Problem Areas -- Chapters 1-10
Sociological Imagination: the capacity to shift from one perspective to another; to be
able to shift from the perspective of the personal experience to the grander,
societal scale that caused or inuenced that personal experience
-- the ability to view human lives as shaped by social forces; recognize
relationship between individuals and society; **INDIVIDUALS AND SOCIETY
ALWAYS EXIST IN RELATION TO ONE ANOTHER
Structural Functionalism: Functionalism: focuses on how social systems operate and
produce consequences. Structuralism: a way of explaining social forms and their
contributions to social cohesion. IE: this is the part of society we call organized
religion, and this is how it functions..
-- assumption that society functions much like a machine. Examines
structure and function of systems that make up society.. society needs institutions
to work properly so there is order, harmony, STABILITY.
-- 3 different types of functions: 1. manifest: intended. 2. latent: neither intended
nor recognized(hidden). 3. latent dysfunction: unintended, unrecognized and
negative in consequences. IE: education system. 1. training young to teach. 2.
promotion of conservative ideologies; promotes conformity. 3. perpetuation of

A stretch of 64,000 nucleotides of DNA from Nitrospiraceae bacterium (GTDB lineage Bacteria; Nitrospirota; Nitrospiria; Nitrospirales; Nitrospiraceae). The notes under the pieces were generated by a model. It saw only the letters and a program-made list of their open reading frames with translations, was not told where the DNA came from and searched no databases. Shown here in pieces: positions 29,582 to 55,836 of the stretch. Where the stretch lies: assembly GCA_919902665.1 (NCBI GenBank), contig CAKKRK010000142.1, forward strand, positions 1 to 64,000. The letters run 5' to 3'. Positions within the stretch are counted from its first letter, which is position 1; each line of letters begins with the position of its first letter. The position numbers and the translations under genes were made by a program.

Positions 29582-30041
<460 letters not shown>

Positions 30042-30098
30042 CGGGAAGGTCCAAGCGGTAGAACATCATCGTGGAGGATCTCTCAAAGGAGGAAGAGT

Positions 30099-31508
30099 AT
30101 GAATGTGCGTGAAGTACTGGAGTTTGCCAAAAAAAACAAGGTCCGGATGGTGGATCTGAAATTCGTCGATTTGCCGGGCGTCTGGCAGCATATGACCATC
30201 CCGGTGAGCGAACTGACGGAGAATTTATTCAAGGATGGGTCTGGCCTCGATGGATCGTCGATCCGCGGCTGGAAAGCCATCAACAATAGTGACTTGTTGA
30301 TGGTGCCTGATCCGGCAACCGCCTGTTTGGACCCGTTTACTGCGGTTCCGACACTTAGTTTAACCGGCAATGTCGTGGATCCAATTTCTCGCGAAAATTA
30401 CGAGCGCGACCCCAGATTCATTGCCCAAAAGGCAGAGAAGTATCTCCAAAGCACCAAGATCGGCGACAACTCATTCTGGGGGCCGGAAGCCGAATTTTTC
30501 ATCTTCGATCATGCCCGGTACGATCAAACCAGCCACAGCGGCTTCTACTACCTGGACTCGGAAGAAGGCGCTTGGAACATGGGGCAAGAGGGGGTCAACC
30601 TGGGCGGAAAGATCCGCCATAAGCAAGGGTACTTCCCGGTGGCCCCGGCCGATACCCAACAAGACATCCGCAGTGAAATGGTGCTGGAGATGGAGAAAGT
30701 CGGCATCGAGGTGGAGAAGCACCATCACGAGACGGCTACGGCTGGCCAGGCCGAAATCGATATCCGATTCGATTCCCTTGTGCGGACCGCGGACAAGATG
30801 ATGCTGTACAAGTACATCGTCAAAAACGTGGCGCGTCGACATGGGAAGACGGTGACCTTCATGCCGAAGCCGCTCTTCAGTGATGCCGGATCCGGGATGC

existent social inequalities (race, social class, gender)
Symbolic Interactionism: looks at the meaning(symbolic part) of daily social interactions
of individuals. IE: two males saying Yo, whas up? and bringing their sts
together represents friendship
-- ** concerned with how individuals subjectively respond to objective
situations (context is everything). People in exact same situations respond
differently. Key concepts: interaction, interpretation, meaning and symbols(signs
that have shared meaning for members of a group, which include language,
facial expressions, social roles, material objects)
Sociology by Audience
1. Professional: generates very specic information; academic world of sociology
departments, scholarly journals, conferences.. etc.
2. Critical: the conscience of professional sociology; aims to make sure that
professional sociologists do not become lost in esoteric debates that they lose sight
of the issues of the fundamental importance to the discipline.
3. Policy: generating sociological data for use in the development of social policy for
govt -- 3 main areas are education, health, social welfare
4. Public: addresses audience outside of academy (ie: universities/colleges); can be
said to be in it just for the publicity.
Auguste Comte - 1st positivist, 1st to point out that sociology was more more of a
science. -- believed that through scientic study you could uncover the laws that
govern society and therefore shape and even improve society and social life.
Elements of Scientic Study: Observation, Comparison(of different types of societies),
Historical Analysis(how things evolve/change). Science involves: observation (deliberate and systematic; must follow accepted
methods and procedures), analysis (identify patterns in observations), and must
be public (published in various forms b/c it is a cooperative effort)
Quantitative Research: associated with positivism(objective reality ready to be
discovered); useful for testing hypotheses and generalizing results.. go out
study, come back and explain to everyone else. All experts should have same
objective study found. IE: surveys (problem: doesnt allow you to clarify your